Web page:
When I was on my month-long hospital stay after a stroke, I began my self-help program while I was still laying flat on my back in bed. 

I believe what I did there was the real start of my recovery.

My body didn’t work right and my brain was still scrambled, but I was still able to do some visualization and I believe that made all the difference. 

I remember a few times someone told me something about things I could or couldn’t do. I always rejected that. I would say, sometimes out loud, No, it’s not going to be like that. I had no doubts I would have more power over my circumstances than they were telling me I would.

What I was doing was not accepting the negative framing of my recovery—I insisted on making my own reality. Since that time, I’m told over and over again how remarkable the rate of my recovery has been. I credit a few things for that, visualization and affirmations, being two big ones.

Here’s how visualization and affirmations work, in a nutshell.

Visualization is just that; forming a clear picture in your mind of whichever positive result you want in your life and believing completely that you get that result. Visualizing doesn’t necessarily mean having a crystal clear image: it can be enough just to be able to feel it, the more strongly the better.

After that, you energize that image through repetition and having no doubts you can attain it.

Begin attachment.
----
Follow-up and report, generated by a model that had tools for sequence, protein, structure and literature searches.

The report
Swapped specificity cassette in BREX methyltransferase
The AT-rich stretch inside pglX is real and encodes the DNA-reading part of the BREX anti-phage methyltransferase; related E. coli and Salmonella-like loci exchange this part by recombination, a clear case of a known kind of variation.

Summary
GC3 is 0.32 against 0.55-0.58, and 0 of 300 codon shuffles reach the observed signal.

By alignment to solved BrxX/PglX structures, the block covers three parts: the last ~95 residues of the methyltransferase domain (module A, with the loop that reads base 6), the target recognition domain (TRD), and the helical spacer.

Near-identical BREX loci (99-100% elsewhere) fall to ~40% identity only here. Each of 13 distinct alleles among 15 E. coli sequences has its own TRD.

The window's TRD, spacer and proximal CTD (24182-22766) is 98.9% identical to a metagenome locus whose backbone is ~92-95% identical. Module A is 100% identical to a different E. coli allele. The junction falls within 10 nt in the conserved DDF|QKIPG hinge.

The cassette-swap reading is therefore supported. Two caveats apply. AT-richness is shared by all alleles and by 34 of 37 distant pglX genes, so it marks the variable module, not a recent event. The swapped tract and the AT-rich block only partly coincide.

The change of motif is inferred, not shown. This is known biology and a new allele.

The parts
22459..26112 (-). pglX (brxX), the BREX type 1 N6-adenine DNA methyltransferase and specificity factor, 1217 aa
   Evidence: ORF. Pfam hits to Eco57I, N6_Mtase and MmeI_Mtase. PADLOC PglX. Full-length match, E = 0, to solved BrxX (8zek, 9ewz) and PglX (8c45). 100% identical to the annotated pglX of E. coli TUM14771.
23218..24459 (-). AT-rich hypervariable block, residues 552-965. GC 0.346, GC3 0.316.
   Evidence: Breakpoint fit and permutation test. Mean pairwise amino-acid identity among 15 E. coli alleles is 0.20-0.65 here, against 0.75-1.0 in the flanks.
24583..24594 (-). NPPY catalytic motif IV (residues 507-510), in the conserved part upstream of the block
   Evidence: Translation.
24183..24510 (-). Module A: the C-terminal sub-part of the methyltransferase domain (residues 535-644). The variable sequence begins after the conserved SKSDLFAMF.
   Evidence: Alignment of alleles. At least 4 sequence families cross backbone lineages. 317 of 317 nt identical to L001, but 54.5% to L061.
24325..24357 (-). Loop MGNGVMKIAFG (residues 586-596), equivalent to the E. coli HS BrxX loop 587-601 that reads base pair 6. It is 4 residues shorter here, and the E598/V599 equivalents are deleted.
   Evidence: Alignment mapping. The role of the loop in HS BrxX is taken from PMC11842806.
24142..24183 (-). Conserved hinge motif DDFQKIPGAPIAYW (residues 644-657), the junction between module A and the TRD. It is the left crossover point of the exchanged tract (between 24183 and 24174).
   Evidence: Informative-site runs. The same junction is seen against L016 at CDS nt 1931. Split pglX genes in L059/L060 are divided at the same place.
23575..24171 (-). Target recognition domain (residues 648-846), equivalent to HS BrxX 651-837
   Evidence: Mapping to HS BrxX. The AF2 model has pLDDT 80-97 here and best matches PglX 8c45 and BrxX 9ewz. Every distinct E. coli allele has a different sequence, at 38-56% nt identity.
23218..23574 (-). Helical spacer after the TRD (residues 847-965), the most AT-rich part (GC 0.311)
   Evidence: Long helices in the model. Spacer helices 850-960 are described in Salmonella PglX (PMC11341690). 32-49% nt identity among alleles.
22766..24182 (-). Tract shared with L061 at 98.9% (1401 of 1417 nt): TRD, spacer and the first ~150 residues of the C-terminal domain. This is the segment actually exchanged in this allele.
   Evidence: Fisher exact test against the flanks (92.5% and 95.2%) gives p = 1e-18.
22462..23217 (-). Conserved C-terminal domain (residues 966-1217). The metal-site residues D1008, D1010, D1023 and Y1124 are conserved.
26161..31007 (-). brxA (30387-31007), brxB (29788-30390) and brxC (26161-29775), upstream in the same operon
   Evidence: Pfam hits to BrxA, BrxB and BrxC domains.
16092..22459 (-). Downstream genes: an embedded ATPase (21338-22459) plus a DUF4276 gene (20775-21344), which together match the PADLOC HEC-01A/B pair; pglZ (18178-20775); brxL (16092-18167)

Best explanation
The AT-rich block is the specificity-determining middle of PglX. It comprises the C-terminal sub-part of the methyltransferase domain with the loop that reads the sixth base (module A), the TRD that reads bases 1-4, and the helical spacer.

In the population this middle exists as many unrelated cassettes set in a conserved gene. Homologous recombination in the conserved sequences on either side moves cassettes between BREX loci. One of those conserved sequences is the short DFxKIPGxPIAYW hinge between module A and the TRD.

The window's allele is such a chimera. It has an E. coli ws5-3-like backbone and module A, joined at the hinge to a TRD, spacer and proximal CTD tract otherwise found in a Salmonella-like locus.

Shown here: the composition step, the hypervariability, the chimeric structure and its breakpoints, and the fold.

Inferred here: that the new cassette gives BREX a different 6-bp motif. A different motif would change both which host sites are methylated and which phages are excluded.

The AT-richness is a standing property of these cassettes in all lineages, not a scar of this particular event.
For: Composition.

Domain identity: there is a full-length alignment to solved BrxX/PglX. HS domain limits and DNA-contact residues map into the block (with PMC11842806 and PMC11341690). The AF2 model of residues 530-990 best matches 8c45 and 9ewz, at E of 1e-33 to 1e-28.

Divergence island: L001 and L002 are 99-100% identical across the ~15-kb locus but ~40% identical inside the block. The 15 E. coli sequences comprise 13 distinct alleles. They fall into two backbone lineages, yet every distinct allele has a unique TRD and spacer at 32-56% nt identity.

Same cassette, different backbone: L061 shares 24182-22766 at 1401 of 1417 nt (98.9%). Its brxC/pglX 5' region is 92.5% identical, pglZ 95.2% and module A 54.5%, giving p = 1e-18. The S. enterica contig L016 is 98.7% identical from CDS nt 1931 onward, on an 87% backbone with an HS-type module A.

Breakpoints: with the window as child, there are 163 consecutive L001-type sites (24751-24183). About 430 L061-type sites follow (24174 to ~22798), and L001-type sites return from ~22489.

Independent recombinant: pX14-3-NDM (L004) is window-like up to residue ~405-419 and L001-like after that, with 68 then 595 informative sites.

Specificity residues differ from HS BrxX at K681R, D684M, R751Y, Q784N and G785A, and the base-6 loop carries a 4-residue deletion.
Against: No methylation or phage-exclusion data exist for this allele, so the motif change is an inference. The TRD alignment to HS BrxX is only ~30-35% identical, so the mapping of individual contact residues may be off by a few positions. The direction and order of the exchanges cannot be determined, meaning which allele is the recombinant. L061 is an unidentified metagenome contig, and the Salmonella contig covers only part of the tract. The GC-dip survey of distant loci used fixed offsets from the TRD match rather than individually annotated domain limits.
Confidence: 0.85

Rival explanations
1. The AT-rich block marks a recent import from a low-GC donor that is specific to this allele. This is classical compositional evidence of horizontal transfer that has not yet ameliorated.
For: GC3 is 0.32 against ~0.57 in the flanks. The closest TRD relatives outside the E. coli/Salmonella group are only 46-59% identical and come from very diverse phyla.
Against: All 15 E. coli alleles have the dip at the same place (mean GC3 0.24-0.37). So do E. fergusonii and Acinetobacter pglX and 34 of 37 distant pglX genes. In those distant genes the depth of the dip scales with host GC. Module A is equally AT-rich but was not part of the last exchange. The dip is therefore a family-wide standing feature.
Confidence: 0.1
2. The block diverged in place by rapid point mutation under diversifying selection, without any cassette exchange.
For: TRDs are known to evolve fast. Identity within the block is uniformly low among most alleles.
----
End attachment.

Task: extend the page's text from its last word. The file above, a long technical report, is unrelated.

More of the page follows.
Here’s how it works. 

First, get into a relaxed state, sitting, lying down, whatever you do to relax. Relaxing is key: it helps your mind to dig deeper into yourself and concentrate.

When you are comfortable, visualize the change you want to make, and use the most positive wording you can. Figure out what it is you want to see in your life and burn a positive image of it in your mind’s eye. To get the best results, don’t use negative wording. Don’t use words like can’t or won’t; those words will get in the way of getting you where you want to go. 

Avoid telling yourself things like, I want to be…. Say to yourself instead, I already am (what I want to be). I used that approach. I visualized myself in completely good health as if I’d never had a stroke, and doing the things I did before. It didn’t make me perfectly fine right away; those things take time and I still have a ways to go, but I am far ahead of schedule in my recovery as my brain works to restore my mind and body.

Here’s another example. If your goal is losing weight, you want to avoid phrasing things like, I won’t overeat. It’s pretty hard to visualize not overeating without visualizing overeating in some way and defeating the purpose. Instead, try telling yourself things like, I eat a balanced diet every day. I eat sensible portions of healthy food for every meal and I exercise every day. I’m slim and trim and I feel great. Visualize people telling you how great you look. See yourself as already being what you want to become and have no doubts you will get there. Doubt short circuits your efforts.

Our minds (or brains) are there to help us achieve what we visualize. What we tell ourselves will last a lifetime until that message is replaced by a better (or worse) one.

We see examples of this at work all the time. Examples: A child who is told he/she is no good will visualize being no good and grow up believing and behaving that way. 

That’s kind of how these things work. It comes across like a New Age-y slogan: Think it and be it. But it’s not so much about positive thinking, as it is about positive-being.